Press Release: Ellen MacArthur Foundation Launches Industry Challenge to Redesign our Food System
Published on 26 May 2023
Cactus cookies, banana peel snacks, and wrinkled pea pasta among contenders as foods of the future
Food products designed to regenerate the planet are one step closer to reaching supermarket shelves after being invited to the next stage of the Big Food Redesign Challenge, the Ellen MacArthur Foundation has announced today (25 January).
Pasta made from wrinkled peas, a snack using banana peel, and both cookies and juice produced from cacti, are among the innovative concepts received from companies ranging from start-ups to household names including Danone and Nestlé.
The Challenge, launched last year by the Foundation in partnership with the Sustainable Food Trust, tasked participants to design new products – or redesign existing ones – using principles which help nature to thrive and address climate change.
From a total of 400 applications received worldwide including from the UK, US, Africa, Europe and Latin America, more than 160 products are now being supported in developing their first designs.
As selected products enter the production phase of the Challenge, the Foundation is calling on retailers to join its partners – the leading British supermarket Waitrose and major retail group Grupo Carrefour Brasil – in showcasing food items as early as this year.
Beth Mander, Food Programme Manager at the Ellen MacArthur Foundation, said: “Our current food system is a key driver of biodiversity loss and accounts for a third of global greenhouse gases. We can, and must, redesign our food to regenerate nature and tackle some of the most pressing global issues facing us today.
“It’s encouraging to see such a huge appetite by businesses to rise to the challenge of helping to reshape how we design food for the future. With such an innovative range of product ideas, we hope they will become everyday items on shopping lists.
“This is an exciting time for more retailers to get involved and be among the first in the world to offer their customers unique access to food choices which help preserve and restore our planet for future generations.”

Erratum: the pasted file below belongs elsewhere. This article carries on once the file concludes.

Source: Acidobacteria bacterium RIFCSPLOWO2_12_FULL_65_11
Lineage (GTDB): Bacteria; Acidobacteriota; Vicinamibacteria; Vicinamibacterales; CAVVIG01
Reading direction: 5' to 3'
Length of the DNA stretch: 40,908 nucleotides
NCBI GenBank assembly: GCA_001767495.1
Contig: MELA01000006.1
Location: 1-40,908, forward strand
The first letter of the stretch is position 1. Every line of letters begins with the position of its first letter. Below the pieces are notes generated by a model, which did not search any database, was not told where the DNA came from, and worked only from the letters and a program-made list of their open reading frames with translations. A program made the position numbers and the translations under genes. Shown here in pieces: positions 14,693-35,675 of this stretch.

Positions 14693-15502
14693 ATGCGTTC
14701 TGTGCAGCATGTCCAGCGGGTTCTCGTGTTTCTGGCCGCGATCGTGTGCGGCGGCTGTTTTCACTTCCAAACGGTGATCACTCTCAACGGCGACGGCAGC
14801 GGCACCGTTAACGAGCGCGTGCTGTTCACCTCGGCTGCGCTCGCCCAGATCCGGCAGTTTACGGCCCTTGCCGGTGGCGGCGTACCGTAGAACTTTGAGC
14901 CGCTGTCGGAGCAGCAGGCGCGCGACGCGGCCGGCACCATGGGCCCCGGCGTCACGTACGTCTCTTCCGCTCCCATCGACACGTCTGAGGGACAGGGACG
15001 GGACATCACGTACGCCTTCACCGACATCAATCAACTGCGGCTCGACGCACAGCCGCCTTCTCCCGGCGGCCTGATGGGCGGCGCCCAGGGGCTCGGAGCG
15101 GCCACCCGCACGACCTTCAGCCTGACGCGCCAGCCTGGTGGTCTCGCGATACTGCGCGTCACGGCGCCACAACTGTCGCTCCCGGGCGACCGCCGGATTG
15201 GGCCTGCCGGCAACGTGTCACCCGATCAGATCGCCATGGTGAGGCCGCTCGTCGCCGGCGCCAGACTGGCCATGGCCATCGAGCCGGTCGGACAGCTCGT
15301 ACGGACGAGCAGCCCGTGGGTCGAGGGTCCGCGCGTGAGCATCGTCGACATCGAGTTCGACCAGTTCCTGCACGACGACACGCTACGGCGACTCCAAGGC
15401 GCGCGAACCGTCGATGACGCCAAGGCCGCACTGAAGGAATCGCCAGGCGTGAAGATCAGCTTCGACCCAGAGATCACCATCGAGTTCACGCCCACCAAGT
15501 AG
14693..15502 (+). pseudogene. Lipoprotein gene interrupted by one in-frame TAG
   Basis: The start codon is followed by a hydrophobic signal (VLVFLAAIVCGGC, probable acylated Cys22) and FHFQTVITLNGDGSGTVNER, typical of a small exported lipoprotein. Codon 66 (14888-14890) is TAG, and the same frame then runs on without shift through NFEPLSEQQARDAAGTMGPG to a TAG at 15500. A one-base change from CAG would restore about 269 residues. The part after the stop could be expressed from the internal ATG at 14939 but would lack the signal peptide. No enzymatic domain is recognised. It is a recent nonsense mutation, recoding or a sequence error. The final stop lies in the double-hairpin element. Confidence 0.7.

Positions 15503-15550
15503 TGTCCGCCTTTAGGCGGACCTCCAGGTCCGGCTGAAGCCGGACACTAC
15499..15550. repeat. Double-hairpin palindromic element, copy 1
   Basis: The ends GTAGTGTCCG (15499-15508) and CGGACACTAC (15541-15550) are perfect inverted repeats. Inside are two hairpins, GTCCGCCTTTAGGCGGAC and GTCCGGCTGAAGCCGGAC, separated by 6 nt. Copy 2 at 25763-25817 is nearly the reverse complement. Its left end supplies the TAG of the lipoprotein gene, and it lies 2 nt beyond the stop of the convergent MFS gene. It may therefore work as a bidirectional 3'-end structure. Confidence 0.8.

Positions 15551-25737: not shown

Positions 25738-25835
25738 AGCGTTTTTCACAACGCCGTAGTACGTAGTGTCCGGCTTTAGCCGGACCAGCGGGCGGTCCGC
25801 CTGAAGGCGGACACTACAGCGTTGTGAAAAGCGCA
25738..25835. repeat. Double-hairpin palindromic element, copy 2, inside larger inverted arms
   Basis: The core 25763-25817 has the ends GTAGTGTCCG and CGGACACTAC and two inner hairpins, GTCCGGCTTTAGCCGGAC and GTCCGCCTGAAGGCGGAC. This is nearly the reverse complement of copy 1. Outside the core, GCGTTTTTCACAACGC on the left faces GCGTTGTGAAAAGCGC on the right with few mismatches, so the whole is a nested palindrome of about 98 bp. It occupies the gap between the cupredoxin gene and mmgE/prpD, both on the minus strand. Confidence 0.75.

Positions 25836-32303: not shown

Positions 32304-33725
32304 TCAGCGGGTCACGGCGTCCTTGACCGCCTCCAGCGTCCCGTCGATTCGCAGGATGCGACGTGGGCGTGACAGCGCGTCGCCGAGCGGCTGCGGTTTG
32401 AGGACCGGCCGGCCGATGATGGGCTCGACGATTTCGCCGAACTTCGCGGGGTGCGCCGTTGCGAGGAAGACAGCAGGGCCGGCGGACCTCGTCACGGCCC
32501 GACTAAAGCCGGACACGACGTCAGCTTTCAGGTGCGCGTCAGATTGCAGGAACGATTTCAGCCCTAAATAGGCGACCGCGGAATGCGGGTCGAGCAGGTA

Joining the next phase of the Challenge is UK-based Hodmedod and its products made from British peas, beans and grains. Their selection of pasta, soups, and dahl is sourced from a type of broad bean and other diverse arable crops grown with regenerative practices that help build soil health.
Other submissions include Fortnum & Mason’s in-house distilled Amalthea Dry Gin, which has diversified its source crop by swapping grains with homegrown apples. Old Farmhouse Brewery has also submitted a beer with kelp locally sourced from Wales’ first community-owned regenerative ocean farm.
International food corporation Danone has proposed a new yoghurt range for the UK & Ireland markets. The company aims to source over 90% of the milk needed through farms that are using regenerative agriculture practices. Golden Hooves, a UK-based subsidiary of First Milk, has submitted a butter and cheese containing ingredients sourced from farmers that are all pledged to the earth’s regeneration.
Kenya-based Dunia Bora is in the next phase of the Challenge with the use of cacti – traditionally considered an invasive plant – as an ingredient in cookies and juice, farmed using regenerative practices in the country’s arid and semi-arid regions.
Meanwhile, submissions from US-based companies include Wildway, which has come up with the idea of using banana and its peel as a nutritious snack and a way of reducing waste, and a different take on traditional jerky by 4 Fungi’s Regenerative which is proposing a plant-based alternative using mushrooms.
The Foundation, an international charity committed to creating a circular economy, launched the Big Food Redesign Challenge with support from funds raised by players of People’s Postcode Lottery and awarded through the Dream Fund; the Schmidt Family Foundation, and the Gordon and Betty Moore Foundation.
Retailers are invited to find out how they can get involved in stocking nature-positive products, including the chance to join the upcoming ‘Putting Nature First on Supermarket Shelves’ webinar by contacting firstname.lastname@example.org.
ABOUT THE ELLEN MACARTHUR FOUNDATION
The Ellen MacArthur Foundation is an international charity developing and promoting the circular economy in order to tackle some of the biggest challenges of our time, such as climate change, biodiversity loss, waste, and pollution. We work with our network of private and public sector decision-makers, as well as academia, to build capacity, explore collaborative opportunities, and design and develop circular economy initiatives and solutions. Increasingly based on , a circular economy is driven by design to eliminate waste, circulate products and materials, and regenerate nature, to create resilience and prosperity for business, the environment, and people.
ABOUT THE SUSTAINABLE FOOD TRUST
The Sustainable Food Trust (SFT) is a registered charity that was founded by Patrick Holden in 2011 in response to the worsening human and environmental crises that are associated with most of today’s food and farming systems. Through harnessing the collective power of organisations, individuals, and communities, the SFT works to accelerate the transition to sustainable food systems, inspired by a philosophy of the interconnectedness of the health of soil, plants, animals and people. Its vision is for food and farming systems that nourish the health of people and planet and are equitable and accessible to all.
The full list of participants can be found here.